What's important to know is that the acquisition sensors (your cameras) do not match the sensors in the human eye. What this means...is that what we see as white....isn't recorded as white in your camera depending on the ambient viewing conditions and lighting. Proper camera white balance has to take into account the "color temperature" of a light source, which refers to the relative warmth or coolness of white light.

    For example, in this first series, when indoors, tungsten lighting is warm in color - giving off a yellow/orange color cast when recorded in "auto" white balance mode. But when I modified my white balance setting to use the preset of Tungsten light - it takes into consideration the yellow cast and adds blue, making the whites seem white. "Tungsten" is the name of the metal out of which the bulb's filament is made.

  • white balance example

  • One thing to remember however, is that when you set your white balance for indoor settings with Tungsten lighting conditions, and then you go outside, if you forget to change your white balance to say the daylight mode, you'll have a very blue photo. Remember the camera is adding blue when you are using the Tungsten setting. I did just this on Sunday while at the Dream Wedding Show, but luckily I knew exactly what I did and fixed it immediately. It's so easy to forget until you get used to setting your white balance with each photo you take.

  • white balance example

  • It's important to note that when shooting in a condition that has more than 1 type of light source, it's best to use a white balance setting based on the main light source.

    Here are some of the basic White Balance settings you'll find on cameras:

    * Auto - this is where the camera makes a best guess on a shot by shot basis. You'll find it works in many situations but it's worth venturing out of it for trickier lighting.
    * Tungsten - this mode is usually symbolized with a little bulb and is for shooting indoors, especially under tungsten (incandescent) lighting (such as bulb lighting). It generally cools down the colors in photos.
    * Fluorescent - this compensates for the 'cool' light of fluorescent light and will warm up your shots.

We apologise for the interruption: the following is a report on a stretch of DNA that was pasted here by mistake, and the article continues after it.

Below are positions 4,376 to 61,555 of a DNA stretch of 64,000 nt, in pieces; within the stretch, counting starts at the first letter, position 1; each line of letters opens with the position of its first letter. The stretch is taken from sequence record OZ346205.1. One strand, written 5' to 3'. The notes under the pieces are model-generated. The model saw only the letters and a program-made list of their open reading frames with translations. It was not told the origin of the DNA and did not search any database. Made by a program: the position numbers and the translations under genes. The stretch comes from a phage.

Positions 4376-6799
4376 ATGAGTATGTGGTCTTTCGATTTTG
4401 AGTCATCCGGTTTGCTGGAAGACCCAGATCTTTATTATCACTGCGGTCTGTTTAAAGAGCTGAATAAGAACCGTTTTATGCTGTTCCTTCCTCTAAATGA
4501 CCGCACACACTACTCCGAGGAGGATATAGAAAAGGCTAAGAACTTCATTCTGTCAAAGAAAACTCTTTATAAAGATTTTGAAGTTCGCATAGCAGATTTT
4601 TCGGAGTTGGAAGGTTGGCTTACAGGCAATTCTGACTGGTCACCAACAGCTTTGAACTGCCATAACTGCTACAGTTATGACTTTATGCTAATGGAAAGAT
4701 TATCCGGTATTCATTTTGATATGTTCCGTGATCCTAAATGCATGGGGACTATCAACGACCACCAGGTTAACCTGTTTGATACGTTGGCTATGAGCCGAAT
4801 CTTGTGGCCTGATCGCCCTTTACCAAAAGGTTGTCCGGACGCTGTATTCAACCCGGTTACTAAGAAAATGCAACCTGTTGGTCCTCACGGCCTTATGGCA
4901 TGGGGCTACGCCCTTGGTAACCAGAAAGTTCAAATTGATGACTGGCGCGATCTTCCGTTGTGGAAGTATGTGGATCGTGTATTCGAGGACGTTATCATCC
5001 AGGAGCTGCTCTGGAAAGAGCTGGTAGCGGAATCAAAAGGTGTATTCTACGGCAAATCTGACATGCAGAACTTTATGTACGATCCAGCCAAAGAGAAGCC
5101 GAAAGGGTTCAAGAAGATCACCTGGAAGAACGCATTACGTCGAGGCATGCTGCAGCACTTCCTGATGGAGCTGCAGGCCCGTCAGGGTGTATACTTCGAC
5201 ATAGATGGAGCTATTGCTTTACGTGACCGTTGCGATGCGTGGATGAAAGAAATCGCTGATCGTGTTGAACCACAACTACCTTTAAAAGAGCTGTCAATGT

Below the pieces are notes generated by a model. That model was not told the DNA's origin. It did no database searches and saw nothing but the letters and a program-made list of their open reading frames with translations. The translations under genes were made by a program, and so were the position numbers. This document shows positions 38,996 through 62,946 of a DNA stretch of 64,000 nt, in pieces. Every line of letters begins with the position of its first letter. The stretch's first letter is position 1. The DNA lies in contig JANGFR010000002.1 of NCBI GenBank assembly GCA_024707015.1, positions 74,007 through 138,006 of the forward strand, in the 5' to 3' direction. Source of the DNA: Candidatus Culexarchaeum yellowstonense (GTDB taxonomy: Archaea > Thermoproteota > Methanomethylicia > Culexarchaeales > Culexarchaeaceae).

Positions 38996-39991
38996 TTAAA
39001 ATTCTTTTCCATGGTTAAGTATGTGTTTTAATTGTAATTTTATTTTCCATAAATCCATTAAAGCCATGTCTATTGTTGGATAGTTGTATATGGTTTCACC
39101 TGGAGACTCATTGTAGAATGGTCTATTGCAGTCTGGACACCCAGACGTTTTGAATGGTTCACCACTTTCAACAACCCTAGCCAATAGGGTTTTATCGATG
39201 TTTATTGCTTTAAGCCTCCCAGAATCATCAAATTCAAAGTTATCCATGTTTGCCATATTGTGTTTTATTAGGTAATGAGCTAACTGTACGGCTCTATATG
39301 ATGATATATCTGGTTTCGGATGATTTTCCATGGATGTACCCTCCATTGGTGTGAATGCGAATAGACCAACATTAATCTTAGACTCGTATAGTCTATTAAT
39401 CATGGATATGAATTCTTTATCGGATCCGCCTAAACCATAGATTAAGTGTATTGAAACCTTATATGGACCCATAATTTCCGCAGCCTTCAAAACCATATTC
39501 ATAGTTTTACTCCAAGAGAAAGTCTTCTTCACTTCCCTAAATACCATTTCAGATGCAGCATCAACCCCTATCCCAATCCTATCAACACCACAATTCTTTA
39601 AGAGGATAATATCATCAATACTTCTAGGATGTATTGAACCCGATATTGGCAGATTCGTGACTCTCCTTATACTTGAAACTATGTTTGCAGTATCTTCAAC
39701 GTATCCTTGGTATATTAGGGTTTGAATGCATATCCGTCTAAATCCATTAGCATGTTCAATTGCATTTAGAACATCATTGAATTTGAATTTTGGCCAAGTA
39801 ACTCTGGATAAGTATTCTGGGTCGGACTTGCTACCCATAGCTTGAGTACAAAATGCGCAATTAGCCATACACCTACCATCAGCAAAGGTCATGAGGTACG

* Daylight/Sunny - not all cameras have this setting because it sets things as fairly 'normal' white balance settings.
    * Cloudy - this setting generally warms things up a touch more than 'daylight' mode.
    * Flash - the flash of a camera can be quite a cool light so in Flash WB mode you'll find it warms up your shots a touch.
    * Shade - the light in shade is generally cooler (bluer) than shooting in direct sunlight so this mode will warm things up a little.

    (this list was borrowed from www.digital-photography-school.com)

    Try using your white balance presets on your camera. We'll be talking about Degree Kelvin and manual white balance in future posts.

    We'd love to see what you come up with! Please be sure to send in your photos as you try out our tips. Email your entries to info@memoryjournalists.com or post to our facebook page.

    You can get back to the monthly table of contents of Taking Better Blog Photos via our Day 1 post.

    To join this FREE 31 Day series simply sign up HERE to have each day's topic delivered to your inbox. Eventually this series, as well as other photography tips will be added to my new site www.healthylivinghappyhome.com (which is not up yet), so another reason to sign up now is that you will be the first to receive new information as the new site goes live!